By Mark Bhasin, Palisades Financial
As U.S. policymakers attempt to navigate through America’s greatest financial and banking crisis since the Great Depression, the amount of regulation in America’s financial markets is becoming a major topic of discussion.
The current systemic financial crisis is a vicious circle between a contracting real economy and massive credit and financial losses feeding off each other in a downward spiral. This financial crisis will likely imply total credit losses of somewhere between $1 and $2 trillion.
Recent governmental intervention in America’s financial markets includes the bailout of the Bear Stearns creditors, the bailout of Fannie Mae and Freddie Mac, the use of the Fed balance sheet — hundreds of billions of safe and liquid U.S. Treasuries swapped for toxic illiquid private securities, the use of the other government sponsored enterprises’ to provide hundreds of billions of dollars of liquidity to distressed, illiquid and insolvent mortgage lenders, the creation of a new set of bailout facilities to prop up and rescue banks. Not to mention bailing out non-bank financial institutions, the bailout of AIG and a $700 billion U.S. rescue package.
These actions come from the most ideologically zealot free-market, laissez-faire administration in American history. The current administration was a great proponent of free markets and reducing government in financial affairs over the past eight years. However, the administration was such a proponent of free markets that they did not realize that financial markets without proper supervision and regulation are like Thomas Hobbes’ “state of nature” where greed and self-interest, untempered by fear of loss or of retribution, leads to credit and asset bubbles, manias and eventual devastating bust and panics.
In recent months, the demise of the primary broker-dealers such as Bear Stearns and Lehman Brothers has garnered many headlines. However, it is currently estimated that hundreds of small banks with massive exposure to real estate (the average small bank has 67 percent of its assets in real estate) will go bankrupt. In addition, dozens of large regional and national banks, such as IndyMac, will also likely go bankrupt. The continued deterioration of the housing sector (home prices have already dropped 12.5 percent nationally and may drop an additional 15 percent), real economy and credit markets will continue to adversely impact commercial real estate fundamentals and valuations.
Financial institutions such as banks have always been known to be different from industrial corporations. If an industrial corporation goes bankrupt, people lose jobs, shareholders get wiped out and creditors compete with each other for the assets of the corporation. However, the effects are generally contained to that company. Conversely, if a financial institution goes bankrupt, there is the potential for systemic risk.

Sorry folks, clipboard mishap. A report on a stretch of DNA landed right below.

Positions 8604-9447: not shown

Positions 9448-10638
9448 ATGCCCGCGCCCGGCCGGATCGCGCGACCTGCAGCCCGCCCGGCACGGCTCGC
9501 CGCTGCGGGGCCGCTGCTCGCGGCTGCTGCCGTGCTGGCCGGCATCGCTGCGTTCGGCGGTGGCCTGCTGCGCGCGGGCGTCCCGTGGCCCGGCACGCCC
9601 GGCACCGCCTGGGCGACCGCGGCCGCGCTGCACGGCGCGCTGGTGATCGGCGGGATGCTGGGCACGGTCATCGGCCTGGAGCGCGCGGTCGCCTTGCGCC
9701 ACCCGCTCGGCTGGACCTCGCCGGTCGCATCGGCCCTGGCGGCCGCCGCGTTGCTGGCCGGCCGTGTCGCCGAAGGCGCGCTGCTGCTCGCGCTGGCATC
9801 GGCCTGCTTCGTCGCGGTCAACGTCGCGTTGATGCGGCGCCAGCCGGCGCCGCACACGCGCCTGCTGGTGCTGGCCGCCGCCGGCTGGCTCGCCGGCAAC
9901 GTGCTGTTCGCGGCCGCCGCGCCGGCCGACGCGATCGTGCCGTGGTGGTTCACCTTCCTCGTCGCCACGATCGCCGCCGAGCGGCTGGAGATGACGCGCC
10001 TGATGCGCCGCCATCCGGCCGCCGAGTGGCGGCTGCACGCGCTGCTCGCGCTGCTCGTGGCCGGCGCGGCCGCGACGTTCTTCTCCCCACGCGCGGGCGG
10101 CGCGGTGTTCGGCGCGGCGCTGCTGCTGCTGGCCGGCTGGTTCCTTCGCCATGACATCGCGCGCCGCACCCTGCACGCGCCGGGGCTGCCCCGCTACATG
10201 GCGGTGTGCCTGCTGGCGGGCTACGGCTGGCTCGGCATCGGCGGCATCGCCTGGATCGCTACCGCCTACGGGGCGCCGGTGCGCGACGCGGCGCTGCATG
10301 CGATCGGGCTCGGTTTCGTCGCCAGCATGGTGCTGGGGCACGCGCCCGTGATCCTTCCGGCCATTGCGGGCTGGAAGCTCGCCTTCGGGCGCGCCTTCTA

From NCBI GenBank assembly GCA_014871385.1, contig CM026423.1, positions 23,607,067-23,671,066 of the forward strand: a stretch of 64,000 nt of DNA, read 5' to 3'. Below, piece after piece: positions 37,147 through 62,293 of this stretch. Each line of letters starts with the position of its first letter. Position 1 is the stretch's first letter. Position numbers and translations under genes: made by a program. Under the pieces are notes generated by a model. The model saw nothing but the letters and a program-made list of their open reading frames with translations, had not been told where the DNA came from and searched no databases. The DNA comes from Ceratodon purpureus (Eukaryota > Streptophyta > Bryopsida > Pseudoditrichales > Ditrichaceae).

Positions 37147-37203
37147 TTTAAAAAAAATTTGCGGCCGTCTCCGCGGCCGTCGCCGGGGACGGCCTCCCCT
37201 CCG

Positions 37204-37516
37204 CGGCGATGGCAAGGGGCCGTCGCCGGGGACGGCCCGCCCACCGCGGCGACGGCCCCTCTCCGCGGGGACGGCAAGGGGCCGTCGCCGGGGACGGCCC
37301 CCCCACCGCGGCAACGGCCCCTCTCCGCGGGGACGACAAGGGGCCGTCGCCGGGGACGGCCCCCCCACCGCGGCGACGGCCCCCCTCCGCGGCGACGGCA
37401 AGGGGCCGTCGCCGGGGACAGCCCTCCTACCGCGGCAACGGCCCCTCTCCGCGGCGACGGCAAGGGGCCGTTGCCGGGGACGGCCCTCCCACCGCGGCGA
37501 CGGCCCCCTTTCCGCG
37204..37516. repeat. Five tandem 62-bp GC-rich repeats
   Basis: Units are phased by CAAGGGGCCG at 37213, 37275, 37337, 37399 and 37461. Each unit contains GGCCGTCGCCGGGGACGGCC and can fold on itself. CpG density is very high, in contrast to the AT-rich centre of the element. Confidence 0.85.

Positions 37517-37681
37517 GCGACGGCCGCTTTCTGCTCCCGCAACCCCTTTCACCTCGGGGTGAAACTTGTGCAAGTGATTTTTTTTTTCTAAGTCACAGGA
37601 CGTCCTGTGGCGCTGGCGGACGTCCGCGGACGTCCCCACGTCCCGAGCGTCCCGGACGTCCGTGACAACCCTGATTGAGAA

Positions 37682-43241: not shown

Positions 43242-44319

Systemic risk is defined as “financial system instability, potentially catastrophic, caused or exacerbated by idiosyncratic events or conditions in financial intermediaries.” It is risk which is common to an entire market and not to any individual entity or component thereof. Because systemic risk is common to the entire market, it can not be diversified away. In fact, typical asset correlations generally break down during times of systemic crisis and begin to approach one as a flight to quality/liquidity occurs. In other words, risky assets start to move in the same direction as diversification benefits are diminshed.
Regulation in the banking industry is primarily designed to prevent systemic risk. Because of the broad-reaching, systematic effects of a systemic crisis, it is sound public policy to have a well-regulated banking sector. The most important requirement in banking regulation is minimum capital ratios. The capital requirement sets a framework on how banks must handle their capital in relation to their assets. Capital is held in relation to the riskiness of the bank’s assets. Internationally, the Bank for International Settlements’ Basel Committee on Banking Supervision influences each country's capital requirements. In 1988, the Committee decided to introduce a capital measurement system commonly referred to as the Basel Capital Accords. The latest capital adequacy framework is commonly known as Basel II. This updated framework is intended to be more risk sensitive than the original, but is also a lot more complex.
Despite the massive problems faced by American banks and broker-dealers, some players in the real estate industry are positioning themselves to take advantage of the current financial and economic environment. Undoubtedly, it will be these companies who rise in years to come.